Recently accessed your site and read the text/obituary on Pat Barnes. I fished the West Yellowstone area in the 1970's and was in the Barne's fly shop numerous times and visited with both Pat and Sig. Great people--I had ripped up my chest waders on one trip and went into their shop that evening to see what they might have. Sig went into the backroom and came out with a pair of size 13 marathon waders which she said I could have for $50(about $50 below retail at that time). I said she should probably get more than that as she wouldn't be able to restock. She wouldn't listen--stated she had had them around a long time and was happy to finally sell them. That was the best pair of waders I have ever owned--they lasted for years.

I recall being in the shop one September evening when the door opened and two guys came in--one was carrying a huge cutthroat (5 or 6 lbs). Obviously, he was very proud of his catch and was asking Pat about taxidermists, etc. After, I got over ogling that fish, I realized that Pat didn't seem all that enthusiastic about it. After the two left the shop, my friend and I visited some more with Pat and learned that he was upset about killing such a fine fish and made it very clear that he thought catch and release was the only way to go.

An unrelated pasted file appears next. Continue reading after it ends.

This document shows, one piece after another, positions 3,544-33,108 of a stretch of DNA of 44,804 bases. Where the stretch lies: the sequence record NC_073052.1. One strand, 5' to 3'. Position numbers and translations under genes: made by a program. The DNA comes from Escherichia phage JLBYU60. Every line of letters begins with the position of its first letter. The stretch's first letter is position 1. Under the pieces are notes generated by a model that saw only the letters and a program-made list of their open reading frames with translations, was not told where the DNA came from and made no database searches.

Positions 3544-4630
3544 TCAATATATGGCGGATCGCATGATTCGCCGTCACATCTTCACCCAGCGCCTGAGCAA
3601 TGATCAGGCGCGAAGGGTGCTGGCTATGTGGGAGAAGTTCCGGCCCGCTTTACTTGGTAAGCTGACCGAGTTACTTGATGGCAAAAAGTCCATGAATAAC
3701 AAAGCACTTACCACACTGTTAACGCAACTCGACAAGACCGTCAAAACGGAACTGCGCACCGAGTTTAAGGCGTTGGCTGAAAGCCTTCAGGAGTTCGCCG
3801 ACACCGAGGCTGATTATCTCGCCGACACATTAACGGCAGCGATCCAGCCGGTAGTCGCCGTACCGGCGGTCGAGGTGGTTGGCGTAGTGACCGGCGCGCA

I also recall watching him tie some Adams dry flies as we visited one evening. I marveled at those huge rough looking hands turning out those delicate size 16's.

Did you ever see Sig's fly tying vise? It was built on an old peddle sewing machine and she was able to open and close the jaws and rotate the head with the foot peddle. Darndest thing I had ever seen, and I kick myself to this day that I didn't even take a picture of it. It may well have been the first full rotary tying vise--I watched her tie a bunch of spruce fly streamers one evening--she would attach the materials--lead wire, floss, peacock, etc. and then rotate the hook as she fed the materials. This vise should definitely be preserved if it is still around somewhere.

I will close this long-winded thing with another Pat Barnes thing that popped
up. When graphite rods first came on the scene, I remember that Pat had a
Fenwick strung up in his shop. When someone would come in to inquire about
the capabilities of this new wonder stick, Pat would pick up the rod, go out
in front of the shop on the then gravel street and proceed to cast the entire
fly line with almost no effort. Very Impressive, and I bet it sold some
rods. What we all failed to realize was that Pat could undoubtedly have made
the same cast using a pool cue, and if asked would probably have told the
would be purchasers that far more trout were caught with accurate 30 ft casts.

Pat and Sig Barnes were great people.
I'd appreciate hearing from you with some other stories.

Terry Sanderson